Fertilizer pellets and granules are best used when repotting your pothos. This way, you can ensure they’re evenly distributed throughout the soil.
Each time you water your plant, it slowly dissolves and releases nutrients into the soil.
If you’re using fertilizer spikes, simply push them into the soil. Use one spike per pot, then water your pothos thoroughly. The spikes will dissolve into the soil and need replacing after about three months.
How Often to Fertilize Pothos
On average, you will need to fertilize your pothos once every 4 to 6 weeks throughout the growing season (from early spring until early fall).
However, like all tropical plants, pothos will enter a brief period of dormancy during winter, so you don’t need to give it any extra nutrients during the colder months. Having said that, your plant feeding frequency will depend on many factors, such as:
Plants that get more light will grow faster. If you’re keeping your pothos in a room with bright indirect sunlight, you can fertilize them as often as twice a month.
Plants living in low light will need less fertilizer, so you can cut down to feeding them once every two months. Also, if you’re using grow lights, your pothos won’t go dormant during winter, so you can keep fertilizing them.
You can feed your pothos more often if you’re using an organic fertilizer. For example, you can apply liquid seaweed once every 7 – 10 days.
However, it’s best to use liquid synthetic fertilizers once a month to avoid a buildup of salts in the soil. And if you’re adding slow-release fertilizers to your potting mix, you will only need to use them once a year.
The type of potting medium you use for your pothos will also influence fertilizer applications. Unlike soil, substrates such as coco coir, LECA, sphagnum moss, perlite, and pumice have no nutrients. This means that you’ll need to fertilize your plant more often.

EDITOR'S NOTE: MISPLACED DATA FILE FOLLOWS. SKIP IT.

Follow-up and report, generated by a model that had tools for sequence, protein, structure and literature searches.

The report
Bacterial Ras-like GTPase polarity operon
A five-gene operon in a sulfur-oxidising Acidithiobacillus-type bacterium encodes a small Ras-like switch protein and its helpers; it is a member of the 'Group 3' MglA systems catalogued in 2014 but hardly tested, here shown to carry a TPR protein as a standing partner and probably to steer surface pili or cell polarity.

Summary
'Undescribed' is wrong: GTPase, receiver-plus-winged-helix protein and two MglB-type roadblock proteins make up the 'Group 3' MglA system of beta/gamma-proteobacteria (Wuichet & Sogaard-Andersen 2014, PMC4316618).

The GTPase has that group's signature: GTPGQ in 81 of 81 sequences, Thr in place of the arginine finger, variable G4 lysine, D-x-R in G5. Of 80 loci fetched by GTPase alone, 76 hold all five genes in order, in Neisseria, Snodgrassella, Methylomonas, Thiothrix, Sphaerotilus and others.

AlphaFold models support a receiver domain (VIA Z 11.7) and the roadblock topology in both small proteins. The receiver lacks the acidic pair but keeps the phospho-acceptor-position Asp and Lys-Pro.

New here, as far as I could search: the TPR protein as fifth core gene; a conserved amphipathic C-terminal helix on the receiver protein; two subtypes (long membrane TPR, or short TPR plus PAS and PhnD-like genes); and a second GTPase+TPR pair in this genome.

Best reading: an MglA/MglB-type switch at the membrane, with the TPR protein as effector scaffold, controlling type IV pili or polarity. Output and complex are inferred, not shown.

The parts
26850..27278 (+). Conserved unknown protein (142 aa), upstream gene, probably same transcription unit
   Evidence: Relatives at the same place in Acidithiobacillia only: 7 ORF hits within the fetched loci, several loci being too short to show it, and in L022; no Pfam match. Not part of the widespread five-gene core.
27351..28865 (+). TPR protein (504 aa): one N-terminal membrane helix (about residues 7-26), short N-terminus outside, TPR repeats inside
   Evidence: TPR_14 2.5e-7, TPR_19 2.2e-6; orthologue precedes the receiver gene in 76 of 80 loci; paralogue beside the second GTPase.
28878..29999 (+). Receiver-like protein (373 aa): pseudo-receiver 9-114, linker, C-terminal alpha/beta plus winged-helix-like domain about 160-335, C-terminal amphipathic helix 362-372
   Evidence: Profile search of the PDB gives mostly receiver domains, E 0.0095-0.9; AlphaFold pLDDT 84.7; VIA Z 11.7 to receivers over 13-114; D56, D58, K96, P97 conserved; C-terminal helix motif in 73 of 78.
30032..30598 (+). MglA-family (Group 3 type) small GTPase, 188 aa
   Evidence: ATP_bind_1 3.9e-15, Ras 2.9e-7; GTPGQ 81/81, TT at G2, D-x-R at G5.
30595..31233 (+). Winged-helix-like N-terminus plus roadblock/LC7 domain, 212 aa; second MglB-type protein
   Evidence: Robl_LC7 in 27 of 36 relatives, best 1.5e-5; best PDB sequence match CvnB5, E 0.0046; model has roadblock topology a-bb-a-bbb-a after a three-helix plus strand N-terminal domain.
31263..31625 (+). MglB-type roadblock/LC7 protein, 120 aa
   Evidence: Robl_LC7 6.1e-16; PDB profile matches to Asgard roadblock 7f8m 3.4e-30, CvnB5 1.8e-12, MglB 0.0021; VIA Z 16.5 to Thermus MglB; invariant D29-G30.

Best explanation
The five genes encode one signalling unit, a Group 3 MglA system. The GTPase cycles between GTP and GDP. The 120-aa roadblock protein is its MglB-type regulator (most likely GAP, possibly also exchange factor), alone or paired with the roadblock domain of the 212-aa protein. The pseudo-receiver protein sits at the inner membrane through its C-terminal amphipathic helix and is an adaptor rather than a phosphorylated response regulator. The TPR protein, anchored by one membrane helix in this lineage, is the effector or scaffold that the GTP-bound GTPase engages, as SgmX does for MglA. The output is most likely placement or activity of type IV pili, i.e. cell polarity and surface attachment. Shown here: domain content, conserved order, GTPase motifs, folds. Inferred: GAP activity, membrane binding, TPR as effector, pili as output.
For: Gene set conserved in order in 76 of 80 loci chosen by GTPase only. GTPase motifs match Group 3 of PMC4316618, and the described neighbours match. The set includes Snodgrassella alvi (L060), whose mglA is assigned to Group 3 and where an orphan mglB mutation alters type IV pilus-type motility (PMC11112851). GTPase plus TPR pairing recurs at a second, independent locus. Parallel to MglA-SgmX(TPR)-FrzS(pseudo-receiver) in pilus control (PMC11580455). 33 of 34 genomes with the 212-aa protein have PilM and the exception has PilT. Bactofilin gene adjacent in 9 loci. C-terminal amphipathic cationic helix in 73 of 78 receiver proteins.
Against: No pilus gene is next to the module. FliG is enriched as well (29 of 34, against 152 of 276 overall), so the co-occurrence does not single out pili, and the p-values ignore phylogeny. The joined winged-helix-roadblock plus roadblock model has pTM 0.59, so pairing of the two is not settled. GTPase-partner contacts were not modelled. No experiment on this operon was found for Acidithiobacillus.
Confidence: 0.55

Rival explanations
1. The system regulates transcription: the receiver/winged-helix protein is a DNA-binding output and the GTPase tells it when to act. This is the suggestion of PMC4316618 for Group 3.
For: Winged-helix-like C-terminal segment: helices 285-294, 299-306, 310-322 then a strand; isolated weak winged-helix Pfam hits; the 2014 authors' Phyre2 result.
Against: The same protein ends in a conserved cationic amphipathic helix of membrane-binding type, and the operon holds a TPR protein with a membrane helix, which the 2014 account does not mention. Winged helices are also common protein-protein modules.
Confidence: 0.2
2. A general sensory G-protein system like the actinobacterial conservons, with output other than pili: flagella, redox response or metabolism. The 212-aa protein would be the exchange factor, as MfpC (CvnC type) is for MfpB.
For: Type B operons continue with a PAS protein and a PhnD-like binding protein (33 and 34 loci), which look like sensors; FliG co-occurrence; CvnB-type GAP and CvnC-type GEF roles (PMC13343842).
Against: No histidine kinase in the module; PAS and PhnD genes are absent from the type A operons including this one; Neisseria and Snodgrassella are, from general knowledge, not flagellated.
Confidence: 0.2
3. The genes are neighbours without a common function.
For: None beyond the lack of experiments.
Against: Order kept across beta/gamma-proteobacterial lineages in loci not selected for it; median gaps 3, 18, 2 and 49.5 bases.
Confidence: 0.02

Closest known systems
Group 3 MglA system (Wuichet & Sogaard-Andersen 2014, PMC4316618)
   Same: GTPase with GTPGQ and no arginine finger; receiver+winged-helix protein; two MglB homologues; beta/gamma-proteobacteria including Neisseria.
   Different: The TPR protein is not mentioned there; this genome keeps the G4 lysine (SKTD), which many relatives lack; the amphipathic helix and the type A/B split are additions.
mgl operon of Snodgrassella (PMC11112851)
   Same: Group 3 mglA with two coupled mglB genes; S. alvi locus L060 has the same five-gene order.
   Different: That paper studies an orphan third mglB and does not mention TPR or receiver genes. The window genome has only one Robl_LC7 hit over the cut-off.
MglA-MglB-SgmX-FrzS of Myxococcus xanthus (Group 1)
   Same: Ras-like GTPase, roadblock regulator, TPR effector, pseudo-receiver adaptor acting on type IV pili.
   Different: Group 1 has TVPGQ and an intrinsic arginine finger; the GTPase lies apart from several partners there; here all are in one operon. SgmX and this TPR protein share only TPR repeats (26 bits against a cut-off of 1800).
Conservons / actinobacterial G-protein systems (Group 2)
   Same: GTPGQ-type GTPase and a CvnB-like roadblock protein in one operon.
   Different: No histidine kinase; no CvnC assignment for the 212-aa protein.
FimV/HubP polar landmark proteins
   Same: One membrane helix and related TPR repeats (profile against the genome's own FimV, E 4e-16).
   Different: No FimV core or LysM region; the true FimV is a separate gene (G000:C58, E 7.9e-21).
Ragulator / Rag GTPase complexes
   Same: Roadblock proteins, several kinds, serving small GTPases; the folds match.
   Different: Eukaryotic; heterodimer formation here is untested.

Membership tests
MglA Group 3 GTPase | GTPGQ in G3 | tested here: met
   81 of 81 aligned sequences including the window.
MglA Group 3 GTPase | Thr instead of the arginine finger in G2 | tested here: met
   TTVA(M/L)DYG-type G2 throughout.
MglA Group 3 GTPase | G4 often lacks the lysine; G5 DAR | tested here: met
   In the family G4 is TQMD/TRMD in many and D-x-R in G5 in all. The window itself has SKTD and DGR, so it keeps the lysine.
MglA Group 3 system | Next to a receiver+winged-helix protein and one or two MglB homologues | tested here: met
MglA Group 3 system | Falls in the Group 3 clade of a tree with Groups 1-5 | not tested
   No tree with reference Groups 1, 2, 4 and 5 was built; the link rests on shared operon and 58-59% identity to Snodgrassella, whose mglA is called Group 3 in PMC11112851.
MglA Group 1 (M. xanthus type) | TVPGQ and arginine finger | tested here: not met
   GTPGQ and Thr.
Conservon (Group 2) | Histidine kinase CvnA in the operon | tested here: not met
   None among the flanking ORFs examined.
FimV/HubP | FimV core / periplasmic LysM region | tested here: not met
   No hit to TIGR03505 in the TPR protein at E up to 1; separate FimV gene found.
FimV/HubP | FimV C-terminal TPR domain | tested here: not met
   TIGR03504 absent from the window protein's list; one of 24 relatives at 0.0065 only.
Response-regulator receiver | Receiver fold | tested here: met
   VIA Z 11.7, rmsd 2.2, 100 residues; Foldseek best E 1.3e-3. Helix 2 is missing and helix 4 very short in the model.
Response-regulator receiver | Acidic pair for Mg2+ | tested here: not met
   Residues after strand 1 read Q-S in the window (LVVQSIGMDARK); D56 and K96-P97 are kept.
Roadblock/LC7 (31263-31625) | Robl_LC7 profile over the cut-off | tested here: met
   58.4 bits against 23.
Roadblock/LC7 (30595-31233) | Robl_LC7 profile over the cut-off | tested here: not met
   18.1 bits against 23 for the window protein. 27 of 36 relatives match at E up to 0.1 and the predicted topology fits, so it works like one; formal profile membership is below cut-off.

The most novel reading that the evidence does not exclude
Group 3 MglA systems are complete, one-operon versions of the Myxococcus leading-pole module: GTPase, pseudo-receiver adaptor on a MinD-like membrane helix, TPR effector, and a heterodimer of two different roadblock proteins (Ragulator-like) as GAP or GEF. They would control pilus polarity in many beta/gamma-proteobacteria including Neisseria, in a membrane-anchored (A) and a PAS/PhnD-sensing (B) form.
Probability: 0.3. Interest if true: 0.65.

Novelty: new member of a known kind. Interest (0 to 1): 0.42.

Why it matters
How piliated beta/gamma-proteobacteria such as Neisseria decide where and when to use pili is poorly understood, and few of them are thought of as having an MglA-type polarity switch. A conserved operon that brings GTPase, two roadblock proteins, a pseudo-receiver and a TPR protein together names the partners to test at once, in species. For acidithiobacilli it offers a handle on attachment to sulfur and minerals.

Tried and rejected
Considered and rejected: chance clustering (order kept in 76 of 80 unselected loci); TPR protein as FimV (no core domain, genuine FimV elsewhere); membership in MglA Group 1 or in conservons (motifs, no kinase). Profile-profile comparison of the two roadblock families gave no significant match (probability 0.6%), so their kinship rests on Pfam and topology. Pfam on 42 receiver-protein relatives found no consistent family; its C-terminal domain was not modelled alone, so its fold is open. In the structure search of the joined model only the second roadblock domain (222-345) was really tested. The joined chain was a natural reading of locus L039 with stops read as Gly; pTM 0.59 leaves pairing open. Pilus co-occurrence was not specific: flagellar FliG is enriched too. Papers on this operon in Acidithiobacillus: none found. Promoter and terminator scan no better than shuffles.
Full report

Similarly, if you’re growing pothos in water, you must mix a small amount of fertilizer every 2 – 3 weeks to keep your plant healthy.
Can You Over-Fertilize Pothos?
Despite your best intentions, giving pothos too much fertilizer can be very harmful. The excess nutrients weaken your plant and cause several long-term issues, from leggy growth to fungus gnat infestations.
In severe cases, it can lead to fertilizer burn, destroying the roots and killing your plant.
Signs that your pothos is over-fertilized include:
- Yellowing leaves
- Brown or black leaf tips and edges
- Curling leaves
- Sudden leaf loss
- Sudden wilting
- A white salt-like crust on top of the soil
- Stunted growth
If you’re not sure how much fertilizer to give your pothos, the best option is to read the information on the label. This will give you a basic idea of how to dilute it and how often to apply it.
Also, avoid mixing different fertilizer types or using a slow-release product with a liquid one. This is guaranteed to create a nutrient imbalance in the soil, eventually killing your plant.
What To Do if You Gave Your Pothos Too Much Fertilizer
The easiest way to fix an over-fertilized pothos is to flush the excess fertilizer from the soil. Put the pot in a sink, shower, or bathtub, and slowly run room-temperature water through the soil for 10 – 15 minutes.
Another option is to repot your pothos using a fresh batch of soil. You can use this method if you don’t see any signs of improvement after flushing the plant’s soil.
Avoid giving your pothos any more fertilizer for the next two months. This will give the roots time to heal and allow your plant to recover from the stress.
Organic DIY Pothos Fertilizers
Using homemade fertilizers for your pothos can be very tempting, especially if you’re looking for a cheap, organic alternative. Some easy-to-make DIY options include:
- Compost tea
- Fertilizer tea made from weeds
- Aquarium water
- Water used for washing rice
- Banana peel tea
- Died and shredded banana peels
- Crushed eggshells
- Water used for boiling eggs
- Used tea leaves
- Used coffee grounds
- Granulated gelatin
- Epsom salt
Several scientific studies confirm that fertilizers made from kitchen scraps and organic waste work and can help your plants grow.
However, please keep in mind that it’s impossible to find the nutrient value or N-P-K ratio of homemade fertilizers (unless you send them to a lab for testing).
This makes it difficult to tell if your plants are receiving the correct amount of nutrients to sustain healthy growth.
So if your pothos plants suffer from severe nutrient deficiencies, it’s better to use a pre-made balanced fertilizer instead.
- Organic homemade fertilizers in general: https://hortintl.cals.ncsu.edu/sites/default/files/documents/as2018062216034580.pdf
- Rice water: https://iopscience.iop.org/article/10.1088/1742-6596/1351/1/012097/pdf
- Banana peel tea: https://www.proquest.com/docview/2528490014
- Gelatin: https://www.ncbi.nlm.nih.gov/pmc/articles/PMC6072858/ (shorter and easier to follow version: https://ecommons.cornell.edu/handle/1813/39345)